Mint is an amazing plant. It’s delicious in teas and goes well on a host of endless sweet treats. It even has some great healing capacities like alleviating the symptoms of PMS, headaches, bad breath and sinus infections, to name a few.
So, it’s in your best interest to grow mint. But, like its cousins lavender, rosemary and basil, it has strict requirements to survive. So, if you find your mint plant dying, refer to this troubleshooting guide to keep it happy and healthy.
Why Do Your Mint Plants Keep Dying?
As is the case with most plants dying, it’s almost always a watering issue. Because plants from the mint family prefer dry, arid conditions with loamy, sandy soil, it’s easy to overwater. If the soil doesn’t drain right, standing water can cause root rot.
Whenever you’re in doubt about watering, make sure the previous waterinig has drained and the plant has absorbed what it needs. The top should feel dry. It’s best to give it a lot of water once and while rather than in bits every day.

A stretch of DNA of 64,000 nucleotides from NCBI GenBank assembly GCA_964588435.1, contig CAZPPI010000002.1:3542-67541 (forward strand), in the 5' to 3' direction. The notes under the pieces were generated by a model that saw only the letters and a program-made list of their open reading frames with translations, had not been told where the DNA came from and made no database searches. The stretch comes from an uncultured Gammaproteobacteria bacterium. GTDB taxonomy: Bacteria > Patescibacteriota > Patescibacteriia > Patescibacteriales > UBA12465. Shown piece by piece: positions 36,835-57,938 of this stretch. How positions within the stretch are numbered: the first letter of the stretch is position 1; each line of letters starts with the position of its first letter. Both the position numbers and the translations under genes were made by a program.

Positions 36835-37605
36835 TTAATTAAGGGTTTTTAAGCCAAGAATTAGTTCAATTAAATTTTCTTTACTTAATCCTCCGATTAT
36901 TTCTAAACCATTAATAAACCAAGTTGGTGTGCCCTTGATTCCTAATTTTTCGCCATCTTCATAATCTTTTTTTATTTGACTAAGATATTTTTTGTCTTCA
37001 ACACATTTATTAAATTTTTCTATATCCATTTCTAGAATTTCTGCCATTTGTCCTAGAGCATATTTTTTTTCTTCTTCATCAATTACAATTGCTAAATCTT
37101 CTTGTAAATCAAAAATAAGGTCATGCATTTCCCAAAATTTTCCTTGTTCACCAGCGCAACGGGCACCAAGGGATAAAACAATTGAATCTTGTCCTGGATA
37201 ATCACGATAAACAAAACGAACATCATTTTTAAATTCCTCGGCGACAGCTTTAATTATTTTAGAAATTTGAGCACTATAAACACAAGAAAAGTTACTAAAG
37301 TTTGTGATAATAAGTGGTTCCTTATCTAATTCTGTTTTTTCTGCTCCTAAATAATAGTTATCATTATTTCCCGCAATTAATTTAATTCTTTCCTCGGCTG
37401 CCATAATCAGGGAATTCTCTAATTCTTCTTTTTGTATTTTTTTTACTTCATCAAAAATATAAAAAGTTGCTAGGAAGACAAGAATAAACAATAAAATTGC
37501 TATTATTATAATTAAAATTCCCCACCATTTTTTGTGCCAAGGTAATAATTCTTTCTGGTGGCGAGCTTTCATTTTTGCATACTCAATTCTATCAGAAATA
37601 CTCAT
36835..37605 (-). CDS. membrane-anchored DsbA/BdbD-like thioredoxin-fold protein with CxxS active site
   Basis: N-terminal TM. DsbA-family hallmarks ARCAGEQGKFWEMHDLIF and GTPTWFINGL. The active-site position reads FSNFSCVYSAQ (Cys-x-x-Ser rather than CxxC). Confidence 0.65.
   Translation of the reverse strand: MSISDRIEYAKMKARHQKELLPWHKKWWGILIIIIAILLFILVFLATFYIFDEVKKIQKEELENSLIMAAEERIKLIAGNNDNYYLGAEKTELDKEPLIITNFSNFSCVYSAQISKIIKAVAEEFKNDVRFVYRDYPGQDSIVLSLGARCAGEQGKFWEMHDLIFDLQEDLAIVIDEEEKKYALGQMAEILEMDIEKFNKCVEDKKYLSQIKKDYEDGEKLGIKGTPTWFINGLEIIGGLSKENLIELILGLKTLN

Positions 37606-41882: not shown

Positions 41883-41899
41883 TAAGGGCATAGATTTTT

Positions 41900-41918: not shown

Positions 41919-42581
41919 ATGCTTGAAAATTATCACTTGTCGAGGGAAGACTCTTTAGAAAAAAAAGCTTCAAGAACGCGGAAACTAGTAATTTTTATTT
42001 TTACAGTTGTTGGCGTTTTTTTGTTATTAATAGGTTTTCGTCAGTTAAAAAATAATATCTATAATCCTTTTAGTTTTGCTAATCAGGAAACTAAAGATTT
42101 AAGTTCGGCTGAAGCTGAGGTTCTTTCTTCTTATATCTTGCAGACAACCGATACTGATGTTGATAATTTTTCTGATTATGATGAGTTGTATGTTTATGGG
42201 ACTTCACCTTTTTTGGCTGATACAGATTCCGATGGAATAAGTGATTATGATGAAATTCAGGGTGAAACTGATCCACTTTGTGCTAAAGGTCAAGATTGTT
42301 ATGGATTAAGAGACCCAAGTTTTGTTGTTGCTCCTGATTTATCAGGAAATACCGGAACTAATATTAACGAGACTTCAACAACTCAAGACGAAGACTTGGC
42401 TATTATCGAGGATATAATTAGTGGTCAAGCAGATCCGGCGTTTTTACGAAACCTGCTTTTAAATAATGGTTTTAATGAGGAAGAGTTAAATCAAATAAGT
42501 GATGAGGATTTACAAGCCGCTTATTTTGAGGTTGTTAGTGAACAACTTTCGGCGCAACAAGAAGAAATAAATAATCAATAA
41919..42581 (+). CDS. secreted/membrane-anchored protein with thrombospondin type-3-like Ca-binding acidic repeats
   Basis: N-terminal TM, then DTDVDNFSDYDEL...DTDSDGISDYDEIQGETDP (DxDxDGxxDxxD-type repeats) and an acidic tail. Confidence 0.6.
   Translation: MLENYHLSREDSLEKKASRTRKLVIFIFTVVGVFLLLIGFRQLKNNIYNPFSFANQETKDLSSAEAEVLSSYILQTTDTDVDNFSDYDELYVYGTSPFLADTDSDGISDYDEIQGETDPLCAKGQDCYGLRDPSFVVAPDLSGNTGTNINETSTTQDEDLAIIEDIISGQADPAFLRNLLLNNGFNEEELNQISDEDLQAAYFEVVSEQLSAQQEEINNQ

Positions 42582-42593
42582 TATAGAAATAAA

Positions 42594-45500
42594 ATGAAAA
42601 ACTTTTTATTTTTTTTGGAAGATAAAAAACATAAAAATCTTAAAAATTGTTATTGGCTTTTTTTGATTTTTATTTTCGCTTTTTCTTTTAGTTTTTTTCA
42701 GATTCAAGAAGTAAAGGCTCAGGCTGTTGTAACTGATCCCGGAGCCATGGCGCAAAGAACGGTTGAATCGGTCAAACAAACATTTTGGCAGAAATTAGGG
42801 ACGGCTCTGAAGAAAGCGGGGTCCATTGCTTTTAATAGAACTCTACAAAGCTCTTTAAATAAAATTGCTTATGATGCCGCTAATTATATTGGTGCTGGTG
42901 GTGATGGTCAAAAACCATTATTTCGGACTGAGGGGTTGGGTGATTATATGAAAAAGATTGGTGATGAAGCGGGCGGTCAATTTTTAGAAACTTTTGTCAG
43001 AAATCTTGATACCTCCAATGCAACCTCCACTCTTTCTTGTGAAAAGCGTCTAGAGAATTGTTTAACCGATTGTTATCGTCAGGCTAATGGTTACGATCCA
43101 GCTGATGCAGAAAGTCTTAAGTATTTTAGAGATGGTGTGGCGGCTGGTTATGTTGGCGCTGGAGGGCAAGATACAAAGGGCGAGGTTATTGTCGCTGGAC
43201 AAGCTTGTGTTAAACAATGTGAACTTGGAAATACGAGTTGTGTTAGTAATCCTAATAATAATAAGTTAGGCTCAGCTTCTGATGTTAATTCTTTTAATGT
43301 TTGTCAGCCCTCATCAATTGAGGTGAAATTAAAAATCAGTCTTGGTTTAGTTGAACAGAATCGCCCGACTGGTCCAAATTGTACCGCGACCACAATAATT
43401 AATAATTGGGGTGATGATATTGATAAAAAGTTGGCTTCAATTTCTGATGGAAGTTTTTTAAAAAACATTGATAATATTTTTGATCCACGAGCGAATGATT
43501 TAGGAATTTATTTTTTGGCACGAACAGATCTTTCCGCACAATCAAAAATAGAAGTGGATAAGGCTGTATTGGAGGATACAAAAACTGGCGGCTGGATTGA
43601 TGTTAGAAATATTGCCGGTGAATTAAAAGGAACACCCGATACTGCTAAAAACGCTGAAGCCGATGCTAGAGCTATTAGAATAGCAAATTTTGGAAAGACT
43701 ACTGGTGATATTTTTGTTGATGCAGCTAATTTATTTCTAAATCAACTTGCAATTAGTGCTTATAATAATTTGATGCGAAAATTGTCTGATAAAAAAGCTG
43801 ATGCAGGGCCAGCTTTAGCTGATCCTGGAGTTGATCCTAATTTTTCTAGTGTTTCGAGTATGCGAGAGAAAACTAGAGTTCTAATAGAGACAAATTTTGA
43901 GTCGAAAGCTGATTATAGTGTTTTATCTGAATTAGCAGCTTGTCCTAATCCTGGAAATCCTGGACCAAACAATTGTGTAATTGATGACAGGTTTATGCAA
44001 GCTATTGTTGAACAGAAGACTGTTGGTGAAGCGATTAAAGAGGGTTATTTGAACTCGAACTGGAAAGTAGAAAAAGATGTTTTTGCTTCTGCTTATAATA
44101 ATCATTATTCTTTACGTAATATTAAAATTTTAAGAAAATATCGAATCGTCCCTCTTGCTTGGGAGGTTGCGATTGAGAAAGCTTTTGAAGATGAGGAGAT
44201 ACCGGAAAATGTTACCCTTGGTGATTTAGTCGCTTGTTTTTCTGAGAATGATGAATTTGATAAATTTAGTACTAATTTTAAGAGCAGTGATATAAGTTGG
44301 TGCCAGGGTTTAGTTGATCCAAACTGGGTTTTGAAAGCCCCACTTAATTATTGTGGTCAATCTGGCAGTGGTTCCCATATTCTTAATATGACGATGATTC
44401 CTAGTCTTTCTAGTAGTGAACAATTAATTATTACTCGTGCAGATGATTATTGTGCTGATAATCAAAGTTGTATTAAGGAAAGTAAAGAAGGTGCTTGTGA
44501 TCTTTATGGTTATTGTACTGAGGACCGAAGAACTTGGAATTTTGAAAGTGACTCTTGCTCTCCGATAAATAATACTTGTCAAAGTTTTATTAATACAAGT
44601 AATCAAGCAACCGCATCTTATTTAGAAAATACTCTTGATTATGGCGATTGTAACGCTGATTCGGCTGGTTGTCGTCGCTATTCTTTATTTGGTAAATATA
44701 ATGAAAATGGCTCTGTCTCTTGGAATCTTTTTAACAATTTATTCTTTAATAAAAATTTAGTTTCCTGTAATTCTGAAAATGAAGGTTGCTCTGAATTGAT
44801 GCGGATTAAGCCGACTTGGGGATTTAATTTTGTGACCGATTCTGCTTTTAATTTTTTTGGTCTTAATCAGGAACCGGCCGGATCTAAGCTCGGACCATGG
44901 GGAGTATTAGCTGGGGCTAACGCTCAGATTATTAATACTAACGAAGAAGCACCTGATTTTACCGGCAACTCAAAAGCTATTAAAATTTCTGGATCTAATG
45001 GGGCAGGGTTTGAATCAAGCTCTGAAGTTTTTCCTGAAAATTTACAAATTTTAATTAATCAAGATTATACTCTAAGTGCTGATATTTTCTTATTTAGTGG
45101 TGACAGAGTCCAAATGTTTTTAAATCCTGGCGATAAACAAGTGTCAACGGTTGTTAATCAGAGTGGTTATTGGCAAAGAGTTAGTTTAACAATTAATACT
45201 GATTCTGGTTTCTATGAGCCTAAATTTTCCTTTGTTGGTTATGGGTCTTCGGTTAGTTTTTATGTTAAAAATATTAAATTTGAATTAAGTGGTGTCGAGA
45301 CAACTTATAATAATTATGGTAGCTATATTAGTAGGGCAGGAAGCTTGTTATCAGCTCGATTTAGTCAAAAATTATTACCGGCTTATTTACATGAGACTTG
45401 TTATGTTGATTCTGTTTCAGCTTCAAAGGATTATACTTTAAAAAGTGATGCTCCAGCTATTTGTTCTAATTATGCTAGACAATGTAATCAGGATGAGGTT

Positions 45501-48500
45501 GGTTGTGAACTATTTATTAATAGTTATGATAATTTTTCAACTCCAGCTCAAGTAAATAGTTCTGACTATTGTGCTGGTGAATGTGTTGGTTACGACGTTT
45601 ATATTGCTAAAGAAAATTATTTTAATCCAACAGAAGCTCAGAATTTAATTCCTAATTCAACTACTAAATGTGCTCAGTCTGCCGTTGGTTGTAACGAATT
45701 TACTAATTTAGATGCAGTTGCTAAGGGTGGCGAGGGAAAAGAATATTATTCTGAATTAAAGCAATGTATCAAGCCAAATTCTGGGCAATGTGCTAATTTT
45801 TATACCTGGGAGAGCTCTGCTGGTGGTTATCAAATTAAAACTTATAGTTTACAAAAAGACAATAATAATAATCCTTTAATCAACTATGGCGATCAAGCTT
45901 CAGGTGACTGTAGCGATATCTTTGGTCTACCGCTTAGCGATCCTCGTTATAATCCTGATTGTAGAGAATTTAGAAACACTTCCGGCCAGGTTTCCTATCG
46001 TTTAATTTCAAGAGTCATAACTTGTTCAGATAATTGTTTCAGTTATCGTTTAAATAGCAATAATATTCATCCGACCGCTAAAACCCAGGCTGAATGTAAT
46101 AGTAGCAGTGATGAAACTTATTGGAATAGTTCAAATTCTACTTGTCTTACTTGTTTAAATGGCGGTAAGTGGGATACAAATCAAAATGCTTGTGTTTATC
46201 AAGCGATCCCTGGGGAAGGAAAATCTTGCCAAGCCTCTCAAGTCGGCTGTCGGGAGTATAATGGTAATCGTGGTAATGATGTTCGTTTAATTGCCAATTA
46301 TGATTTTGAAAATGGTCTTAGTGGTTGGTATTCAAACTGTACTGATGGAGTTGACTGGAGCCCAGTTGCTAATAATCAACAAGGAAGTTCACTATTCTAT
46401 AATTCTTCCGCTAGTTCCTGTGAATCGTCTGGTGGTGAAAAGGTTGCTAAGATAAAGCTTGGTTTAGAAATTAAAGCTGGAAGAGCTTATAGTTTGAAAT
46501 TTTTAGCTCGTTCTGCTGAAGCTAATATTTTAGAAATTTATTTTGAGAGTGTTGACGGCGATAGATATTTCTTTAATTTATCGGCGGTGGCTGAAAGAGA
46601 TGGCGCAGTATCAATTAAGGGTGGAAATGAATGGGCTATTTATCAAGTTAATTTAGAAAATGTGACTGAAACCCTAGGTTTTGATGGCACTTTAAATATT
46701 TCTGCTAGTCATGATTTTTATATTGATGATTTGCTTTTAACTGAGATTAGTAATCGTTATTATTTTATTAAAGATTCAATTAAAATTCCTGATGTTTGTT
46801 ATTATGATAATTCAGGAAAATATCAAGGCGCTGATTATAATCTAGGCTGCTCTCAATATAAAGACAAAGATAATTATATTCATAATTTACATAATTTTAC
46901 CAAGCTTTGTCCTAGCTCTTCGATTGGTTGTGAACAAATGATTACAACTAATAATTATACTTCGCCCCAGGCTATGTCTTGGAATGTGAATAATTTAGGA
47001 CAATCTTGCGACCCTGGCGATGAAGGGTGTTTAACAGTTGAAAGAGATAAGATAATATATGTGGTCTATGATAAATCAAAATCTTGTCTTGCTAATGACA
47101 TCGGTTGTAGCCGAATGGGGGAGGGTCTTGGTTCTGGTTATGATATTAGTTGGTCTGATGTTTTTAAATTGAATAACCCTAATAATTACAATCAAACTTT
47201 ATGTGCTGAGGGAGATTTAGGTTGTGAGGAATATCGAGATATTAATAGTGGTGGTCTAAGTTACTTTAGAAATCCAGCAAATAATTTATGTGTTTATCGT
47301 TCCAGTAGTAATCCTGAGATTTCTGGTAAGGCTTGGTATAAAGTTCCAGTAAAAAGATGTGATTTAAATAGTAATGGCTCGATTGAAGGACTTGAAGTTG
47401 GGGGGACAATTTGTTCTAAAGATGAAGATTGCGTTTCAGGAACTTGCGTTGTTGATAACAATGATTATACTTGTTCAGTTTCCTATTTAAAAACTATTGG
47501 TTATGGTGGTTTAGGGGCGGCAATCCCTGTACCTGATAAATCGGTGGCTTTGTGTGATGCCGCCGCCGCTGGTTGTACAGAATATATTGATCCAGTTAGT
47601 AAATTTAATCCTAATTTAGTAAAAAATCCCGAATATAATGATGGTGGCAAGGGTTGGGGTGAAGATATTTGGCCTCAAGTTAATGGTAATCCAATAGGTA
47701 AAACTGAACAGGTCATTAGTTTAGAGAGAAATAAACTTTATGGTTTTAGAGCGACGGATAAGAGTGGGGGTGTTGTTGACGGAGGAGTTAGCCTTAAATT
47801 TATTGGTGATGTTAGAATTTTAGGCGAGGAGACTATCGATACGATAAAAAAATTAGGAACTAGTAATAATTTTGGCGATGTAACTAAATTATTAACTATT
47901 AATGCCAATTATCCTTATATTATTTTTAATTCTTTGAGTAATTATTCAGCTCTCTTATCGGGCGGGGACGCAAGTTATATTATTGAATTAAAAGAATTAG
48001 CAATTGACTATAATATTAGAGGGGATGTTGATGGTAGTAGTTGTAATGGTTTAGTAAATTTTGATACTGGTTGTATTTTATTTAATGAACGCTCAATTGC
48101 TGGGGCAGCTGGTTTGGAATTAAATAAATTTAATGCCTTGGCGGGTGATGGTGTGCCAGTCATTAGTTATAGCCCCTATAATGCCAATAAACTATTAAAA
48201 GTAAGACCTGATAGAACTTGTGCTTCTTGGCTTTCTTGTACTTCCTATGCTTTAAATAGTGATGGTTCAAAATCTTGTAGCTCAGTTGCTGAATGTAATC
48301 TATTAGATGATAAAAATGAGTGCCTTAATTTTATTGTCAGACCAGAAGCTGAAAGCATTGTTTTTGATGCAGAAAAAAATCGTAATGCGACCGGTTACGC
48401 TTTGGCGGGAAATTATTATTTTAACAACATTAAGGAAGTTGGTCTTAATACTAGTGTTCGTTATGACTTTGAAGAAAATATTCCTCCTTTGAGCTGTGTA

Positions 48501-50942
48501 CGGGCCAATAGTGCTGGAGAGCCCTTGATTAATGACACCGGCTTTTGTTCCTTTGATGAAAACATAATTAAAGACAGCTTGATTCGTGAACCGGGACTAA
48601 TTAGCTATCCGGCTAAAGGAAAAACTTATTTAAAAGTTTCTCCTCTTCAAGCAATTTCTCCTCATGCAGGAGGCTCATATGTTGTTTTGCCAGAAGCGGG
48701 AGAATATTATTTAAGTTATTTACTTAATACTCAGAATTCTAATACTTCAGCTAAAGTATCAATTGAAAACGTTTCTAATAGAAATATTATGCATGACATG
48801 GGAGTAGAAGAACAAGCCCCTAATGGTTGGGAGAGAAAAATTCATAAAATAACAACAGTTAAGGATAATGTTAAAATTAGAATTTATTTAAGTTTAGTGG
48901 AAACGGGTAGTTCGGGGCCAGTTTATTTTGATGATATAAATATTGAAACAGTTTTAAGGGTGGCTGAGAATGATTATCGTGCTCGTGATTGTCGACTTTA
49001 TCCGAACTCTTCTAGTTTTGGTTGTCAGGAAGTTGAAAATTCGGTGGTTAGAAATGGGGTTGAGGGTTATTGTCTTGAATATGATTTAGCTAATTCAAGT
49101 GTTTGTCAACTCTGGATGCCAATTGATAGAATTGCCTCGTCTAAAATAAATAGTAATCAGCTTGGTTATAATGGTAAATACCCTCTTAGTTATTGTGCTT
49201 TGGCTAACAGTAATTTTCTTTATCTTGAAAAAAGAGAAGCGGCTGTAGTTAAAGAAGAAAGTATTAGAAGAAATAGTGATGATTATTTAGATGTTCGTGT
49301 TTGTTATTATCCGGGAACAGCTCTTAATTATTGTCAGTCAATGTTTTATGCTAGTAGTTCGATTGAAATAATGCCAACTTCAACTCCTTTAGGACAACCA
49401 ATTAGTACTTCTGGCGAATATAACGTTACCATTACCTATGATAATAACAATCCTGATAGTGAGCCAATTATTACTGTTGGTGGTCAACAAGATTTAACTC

Use about three cups per five to seven inch plant every three days or so. Adjust this to your area, hardiness zone, where it rests and the time of year. This means, if you are in a hot and dry climate, you should water a little more often than an area that’s warm and humid; and even less in winter.
Also make sure the soil is medium-rich and free of clay with a pH between 5.6 and 7.5. If the soil isn’t ideal, the mint will show signs of dying. It should maintain a certain amount of moisture, but it shouldn’t be too wet for too long.
Although they require a big pot to thrive, they root shallowly. If you’ve buried your mint too deep, it could be why it continues to die, regardless of other efforts.
Of course, sunlight may also be a reason why a mint plant is dying. Depending on where you live, it may prefer full sun or partial shade. Partial shade is best for mint in subtropical areas or in climates where humidity is frequent. See that the mint is receiving six hours of sunlight every day. Any less or more could result in it dying, especially if it prefers partial shade.
Disease & Pests